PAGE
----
The Masters Review Guest Editors

Meet our Guest Editors

Joanna Acevedo (she/they) is the Pushcart-nominated author of three books and two chapbooks. Her work has been seen across the web and in print, including Free State Review, The Rumpus, and The Adroit Journal. She received her MFA in fiction from New York University in 2021 and also holds degrees from Bard College and The New School. Find her on Twitter at @jo_avocado.

Kate Blakinger is a writer and editor. Her short stories and essays have appeared in Alaska Quarterly Review, Epiphany, Gettysburg Review, The Iowa Review, New Stories from the Midwest, The Offing, and elsewhere. She is a Tin House workshop alumna and holds an MFA from the Helen Zell Writers’ Program at the University of Michigan. The Elizabeth George Foundation, MacDowell, Jentel, and the Kimmel Harding Nelson Center have supported her writing with fellowships.

Alexa Doran completed her PhD in Poetry at Florida State University in 2021 and is currently an Assistant Professor of English at Tallahassee Community College. Her full-length collection DM Me, Mother Darling won the 2020 May Sarton New Hampshire Poetry Prize and was published in April 2021 (Bauhan). She is also the author of the chapbook Nightsink, Faucet Me a Lullaby (Bottlecap Press 2019). You can look for work from Doran in recent or upcoming issues of PleiadesWitness, Massachusetts Review, and NELLE, among others. For a full list of her publications, awards, and interviews please visit her website at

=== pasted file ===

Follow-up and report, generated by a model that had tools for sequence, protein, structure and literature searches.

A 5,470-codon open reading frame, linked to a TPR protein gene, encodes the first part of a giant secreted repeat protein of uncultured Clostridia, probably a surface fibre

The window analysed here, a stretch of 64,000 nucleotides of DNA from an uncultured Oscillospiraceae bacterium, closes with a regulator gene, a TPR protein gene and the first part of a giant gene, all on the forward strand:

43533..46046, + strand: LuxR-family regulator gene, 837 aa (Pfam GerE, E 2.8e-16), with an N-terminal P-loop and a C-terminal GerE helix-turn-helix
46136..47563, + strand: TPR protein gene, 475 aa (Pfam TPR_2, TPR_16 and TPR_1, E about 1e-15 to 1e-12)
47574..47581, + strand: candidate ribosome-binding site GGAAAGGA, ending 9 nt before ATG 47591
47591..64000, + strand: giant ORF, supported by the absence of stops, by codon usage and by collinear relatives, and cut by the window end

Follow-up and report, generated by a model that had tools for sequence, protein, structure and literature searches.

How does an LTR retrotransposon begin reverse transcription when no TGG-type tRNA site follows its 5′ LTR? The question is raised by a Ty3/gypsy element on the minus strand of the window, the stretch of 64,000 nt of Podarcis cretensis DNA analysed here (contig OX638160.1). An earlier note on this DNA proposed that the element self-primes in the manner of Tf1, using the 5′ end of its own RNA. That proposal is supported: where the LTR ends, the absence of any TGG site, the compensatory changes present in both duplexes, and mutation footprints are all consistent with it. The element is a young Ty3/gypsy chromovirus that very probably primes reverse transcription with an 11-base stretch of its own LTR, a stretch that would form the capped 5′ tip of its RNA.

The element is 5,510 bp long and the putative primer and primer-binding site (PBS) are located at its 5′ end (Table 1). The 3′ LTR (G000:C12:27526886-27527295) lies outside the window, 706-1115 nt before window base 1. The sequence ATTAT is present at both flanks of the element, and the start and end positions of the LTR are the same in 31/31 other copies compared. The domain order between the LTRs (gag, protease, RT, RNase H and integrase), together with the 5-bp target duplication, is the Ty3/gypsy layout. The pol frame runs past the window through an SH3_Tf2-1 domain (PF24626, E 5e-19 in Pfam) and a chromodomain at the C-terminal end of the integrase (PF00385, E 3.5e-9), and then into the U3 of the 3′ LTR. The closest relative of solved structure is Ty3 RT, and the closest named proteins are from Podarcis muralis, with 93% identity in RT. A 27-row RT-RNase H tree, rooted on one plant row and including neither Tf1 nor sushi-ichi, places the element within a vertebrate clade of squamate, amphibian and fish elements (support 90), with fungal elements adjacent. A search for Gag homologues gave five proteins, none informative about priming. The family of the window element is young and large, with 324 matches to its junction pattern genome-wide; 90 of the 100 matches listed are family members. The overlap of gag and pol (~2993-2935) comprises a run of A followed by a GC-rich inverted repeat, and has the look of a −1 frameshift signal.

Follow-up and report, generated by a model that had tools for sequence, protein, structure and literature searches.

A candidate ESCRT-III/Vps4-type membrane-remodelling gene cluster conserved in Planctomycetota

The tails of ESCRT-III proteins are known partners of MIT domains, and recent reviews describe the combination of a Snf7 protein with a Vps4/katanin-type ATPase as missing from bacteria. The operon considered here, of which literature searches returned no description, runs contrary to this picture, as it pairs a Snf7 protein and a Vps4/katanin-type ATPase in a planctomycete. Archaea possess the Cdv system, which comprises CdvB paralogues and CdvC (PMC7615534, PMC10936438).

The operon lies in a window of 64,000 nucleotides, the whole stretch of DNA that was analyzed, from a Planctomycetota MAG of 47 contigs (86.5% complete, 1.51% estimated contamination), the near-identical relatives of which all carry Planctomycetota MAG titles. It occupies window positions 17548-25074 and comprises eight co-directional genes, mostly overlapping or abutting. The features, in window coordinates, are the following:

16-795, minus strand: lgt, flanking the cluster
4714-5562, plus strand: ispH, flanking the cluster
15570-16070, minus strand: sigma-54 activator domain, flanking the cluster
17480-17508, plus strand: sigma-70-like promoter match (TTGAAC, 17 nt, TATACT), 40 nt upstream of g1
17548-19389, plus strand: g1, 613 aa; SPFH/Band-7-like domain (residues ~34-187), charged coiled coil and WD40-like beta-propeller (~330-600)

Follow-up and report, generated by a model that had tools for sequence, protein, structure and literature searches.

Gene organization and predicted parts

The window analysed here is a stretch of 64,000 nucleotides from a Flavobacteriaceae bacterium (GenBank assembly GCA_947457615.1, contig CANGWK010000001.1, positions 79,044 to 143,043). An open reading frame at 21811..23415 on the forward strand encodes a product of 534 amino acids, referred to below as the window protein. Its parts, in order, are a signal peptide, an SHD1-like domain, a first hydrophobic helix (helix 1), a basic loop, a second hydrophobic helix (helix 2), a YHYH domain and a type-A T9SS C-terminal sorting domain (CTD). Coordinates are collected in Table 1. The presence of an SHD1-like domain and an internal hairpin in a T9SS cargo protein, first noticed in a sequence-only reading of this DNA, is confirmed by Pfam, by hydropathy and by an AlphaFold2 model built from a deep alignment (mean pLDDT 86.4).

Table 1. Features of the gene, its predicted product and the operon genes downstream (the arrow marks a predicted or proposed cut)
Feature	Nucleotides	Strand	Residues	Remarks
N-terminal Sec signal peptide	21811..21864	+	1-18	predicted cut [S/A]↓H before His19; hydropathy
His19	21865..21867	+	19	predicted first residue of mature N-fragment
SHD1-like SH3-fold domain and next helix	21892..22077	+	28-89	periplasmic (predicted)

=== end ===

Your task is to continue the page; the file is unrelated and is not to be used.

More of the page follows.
Amanda Ellard is an English teacher and PhD in Creative Writing candidate. She holds a Master’s in Folklore Studies and a Master of Fine Arts in Creative Writing. Her short fiction has appeared in various literary journals and across ebook platforms. She also writes for the Smithsonian Center for Folklife and Cultural Heritage’s Folklife Magazine. For fun, Amanda loves a great dystopian or xianxia novel and is a multimedia artist.

B. B. Garin is a writer living in Buffalo, NY. Her story collection, New Songs for Old Radios, is available from Wordrunner Press. She is a recipient of the Sara Patton Fiction Stipend from The Writer’s Hotel. Her work has appeared in The Hawai’i Pacific Review, Luna Station Quarterly, Palooka, 3rd Wednesday, Crack the Spine, and more. Connect with her @bb_garin or

Dr. Anne Greenawalt is the editor-in-chief and founder of Sport Stories Press and teaches writing and communications at universities in central Pennsylvania. She’s a writer, swimmer, educator, and trail adventurer.

Mimi Manyin writes stories when she is not improvising on the piano. Her work has appeared in Ploughshares, Meridian, Greensboro Review, and elsewhere. Mimi was a Peter Taylor Scholar at the Sewanee Writers’ Conference and has also received support from the Bread Loaf Writers’ Conference, Tin House Summer Workshop, Kenyon Review Writers Workshop, One Story Summer Writers’ Conference, and American Short Fiction Summer Workshop. She is at work on a novel and a collection of short stories. Connect with her @MimiManyin.

Rebecca Paredes is a writer from Lake Elsinore, California, where the IHOP is located next to the graveyard. Her fiction, poetry, and essays have appeared in Barren Magazine, Hunger Mountain Review, Mosaic, and other publications. She holds an MA in Creative Writing from Texas Tech University and is currently working on a linked collection of short stories inspired by her hometown.